We need to have some large entities in order to be able to compete in some areas of the world. The solution has been the alliance. It has offered significant value to our membership. The way we calculate the value of being a member of Star is to determine the revenue that a carrier of each member of the alliance brings in, and that number is well above $1 billion a year. Nobody is going to walk away from that kind of benefit.
And the customers get it. It is optimal for customers because they can travel the world and we can get them there. It is going to feel like pretty much flying on the same airline when you do that.
The alliance has 28 different airlines that have their own customers and their own way of doing things. How do you balance Star Alliance members with those who codeshare with others outside the alliance or form of joint ventures?
That is one of the beauties of this job, trying to find the balance between different members of the alliance. You need to look at it strategically. Our smallest airline has a dozen or so aircraft and then you have others that operate at more than 1,000 airports.
There is a huge diversity within the network. No one has ever joined the alliance expecting homogenous balance. Carriers and their customers have their own expectations of services and their respective preferences.
Putting it all together in a comprehensive way is fun and challenging at the same time. The overall proposition is what makes it work for everybody. We encourage the development of cooperation between our carriers to make sure that we have the most innovative of all the different alliances.
Part of my job is to spot where commercial opportunities are and point members in the right direction to enhance their operations. There is a reality that not every commercial carrier’s issues can be solved within the alliance.
There may be times where the members are going to have to go out and find partnerships that are not necessarily part of the alliance. That’s logical, and it depends on where you are and what the market is.
What is one thing that you want to accomplish during your term that you weren’t able to do?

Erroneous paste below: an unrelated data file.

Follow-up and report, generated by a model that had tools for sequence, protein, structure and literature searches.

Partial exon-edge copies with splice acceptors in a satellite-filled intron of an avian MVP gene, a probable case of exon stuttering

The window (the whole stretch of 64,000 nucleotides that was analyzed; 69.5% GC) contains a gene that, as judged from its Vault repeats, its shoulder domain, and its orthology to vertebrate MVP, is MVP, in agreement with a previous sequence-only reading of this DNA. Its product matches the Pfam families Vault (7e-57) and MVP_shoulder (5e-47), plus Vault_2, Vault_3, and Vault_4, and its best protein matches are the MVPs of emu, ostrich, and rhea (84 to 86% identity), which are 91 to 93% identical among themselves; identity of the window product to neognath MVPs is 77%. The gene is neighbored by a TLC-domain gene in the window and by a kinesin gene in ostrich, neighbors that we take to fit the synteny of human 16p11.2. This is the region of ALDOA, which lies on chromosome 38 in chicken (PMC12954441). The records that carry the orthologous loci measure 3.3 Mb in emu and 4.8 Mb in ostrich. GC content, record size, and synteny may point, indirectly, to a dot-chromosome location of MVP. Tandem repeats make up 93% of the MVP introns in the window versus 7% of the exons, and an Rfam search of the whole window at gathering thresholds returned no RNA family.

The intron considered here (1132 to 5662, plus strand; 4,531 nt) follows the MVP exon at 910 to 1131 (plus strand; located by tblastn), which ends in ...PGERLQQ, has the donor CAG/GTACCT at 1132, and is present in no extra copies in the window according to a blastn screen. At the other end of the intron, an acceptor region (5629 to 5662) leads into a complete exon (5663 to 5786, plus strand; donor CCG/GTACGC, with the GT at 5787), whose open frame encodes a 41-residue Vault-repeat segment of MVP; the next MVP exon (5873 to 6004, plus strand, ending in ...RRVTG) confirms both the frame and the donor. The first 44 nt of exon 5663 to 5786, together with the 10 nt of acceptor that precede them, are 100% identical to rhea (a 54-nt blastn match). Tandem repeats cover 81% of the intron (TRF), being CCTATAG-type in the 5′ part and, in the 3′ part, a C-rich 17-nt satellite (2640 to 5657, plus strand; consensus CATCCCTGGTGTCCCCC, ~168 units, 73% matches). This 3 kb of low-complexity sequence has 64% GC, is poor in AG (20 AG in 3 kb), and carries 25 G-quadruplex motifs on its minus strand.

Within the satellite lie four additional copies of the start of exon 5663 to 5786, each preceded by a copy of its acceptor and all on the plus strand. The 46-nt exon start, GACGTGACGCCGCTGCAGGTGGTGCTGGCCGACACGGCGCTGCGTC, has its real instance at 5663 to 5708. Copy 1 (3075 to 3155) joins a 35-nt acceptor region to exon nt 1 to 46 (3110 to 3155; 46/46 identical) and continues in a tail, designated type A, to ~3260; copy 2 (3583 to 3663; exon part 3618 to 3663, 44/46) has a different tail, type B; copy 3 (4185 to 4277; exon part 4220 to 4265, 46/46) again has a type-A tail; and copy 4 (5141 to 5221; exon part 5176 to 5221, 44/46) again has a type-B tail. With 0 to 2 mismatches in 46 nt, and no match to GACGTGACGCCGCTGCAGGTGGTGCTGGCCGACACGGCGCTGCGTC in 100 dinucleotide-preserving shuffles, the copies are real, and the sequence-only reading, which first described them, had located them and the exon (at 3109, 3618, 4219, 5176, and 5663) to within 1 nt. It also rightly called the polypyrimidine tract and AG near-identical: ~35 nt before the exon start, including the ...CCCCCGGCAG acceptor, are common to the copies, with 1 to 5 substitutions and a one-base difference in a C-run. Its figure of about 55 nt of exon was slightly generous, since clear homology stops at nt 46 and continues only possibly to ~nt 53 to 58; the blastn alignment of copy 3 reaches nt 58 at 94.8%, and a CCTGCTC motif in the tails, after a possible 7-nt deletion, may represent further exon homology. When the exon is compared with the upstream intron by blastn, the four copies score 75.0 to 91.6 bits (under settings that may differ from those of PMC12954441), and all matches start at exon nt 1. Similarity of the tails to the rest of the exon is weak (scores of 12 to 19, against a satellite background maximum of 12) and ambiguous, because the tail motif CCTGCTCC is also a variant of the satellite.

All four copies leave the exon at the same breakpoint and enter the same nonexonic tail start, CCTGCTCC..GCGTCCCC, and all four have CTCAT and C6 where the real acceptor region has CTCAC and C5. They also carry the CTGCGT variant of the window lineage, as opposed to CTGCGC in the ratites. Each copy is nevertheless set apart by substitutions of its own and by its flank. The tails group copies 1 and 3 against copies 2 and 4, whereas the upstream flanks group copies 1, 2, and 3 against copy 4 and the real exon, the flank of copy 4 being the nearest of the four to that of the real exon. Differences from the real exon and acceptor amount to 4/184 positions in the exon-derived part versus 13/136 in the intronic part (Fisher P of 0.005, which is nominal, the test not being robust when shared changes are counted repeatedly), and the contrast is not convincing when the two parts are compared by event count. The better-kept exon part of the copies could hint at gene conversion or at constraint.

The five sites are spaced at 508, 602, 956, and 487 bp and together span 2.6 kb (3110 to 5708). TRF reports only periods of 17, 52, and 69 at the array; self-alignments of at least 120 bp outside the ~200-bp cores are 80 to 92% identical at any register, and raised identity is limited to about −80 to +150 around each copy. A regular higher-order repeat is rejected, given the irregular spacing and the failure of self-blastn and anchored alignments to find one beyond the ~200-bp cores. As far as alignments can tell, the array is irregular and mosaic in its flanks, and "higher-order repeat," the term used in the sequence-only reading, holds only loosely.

I started working with airlines in Brazil, having grown up in Brazil and then going back to Brazil after university. I have a deep understanding of that marketplace and a keen desire to make it as strongly represented as we possibly can. The merger [between TAM and LAN] that occurred has made it competitive over here.
We still need to frame a solution in the Brazilian market. Unfortunately, I am going to retire at the end of the year, and we still haven’t framed what that second Brazilian membership is going to look like. But I am sure that it is not too far away. I remain optimistic that our second carrier in Brazil is not far around the corner. Unfortunately, I won’t see that before I leave.
Why do you think now was the right time to step down?
I’ve had 42 years in the airline business. I started my first job right out of college and it is a good time to step away and go do something at a different pace. I think five years was the right amount of time to be here and I was given enough to carry out the business plan that was given to me. And at the Star Alliance’s 20th anniversary, I think it is a perfect time to draft a new 10-year plan.
Some of my friends were a bit upset about that since I have been at Star for such a long time but I was deeply involved in where the Star Alliance is going to.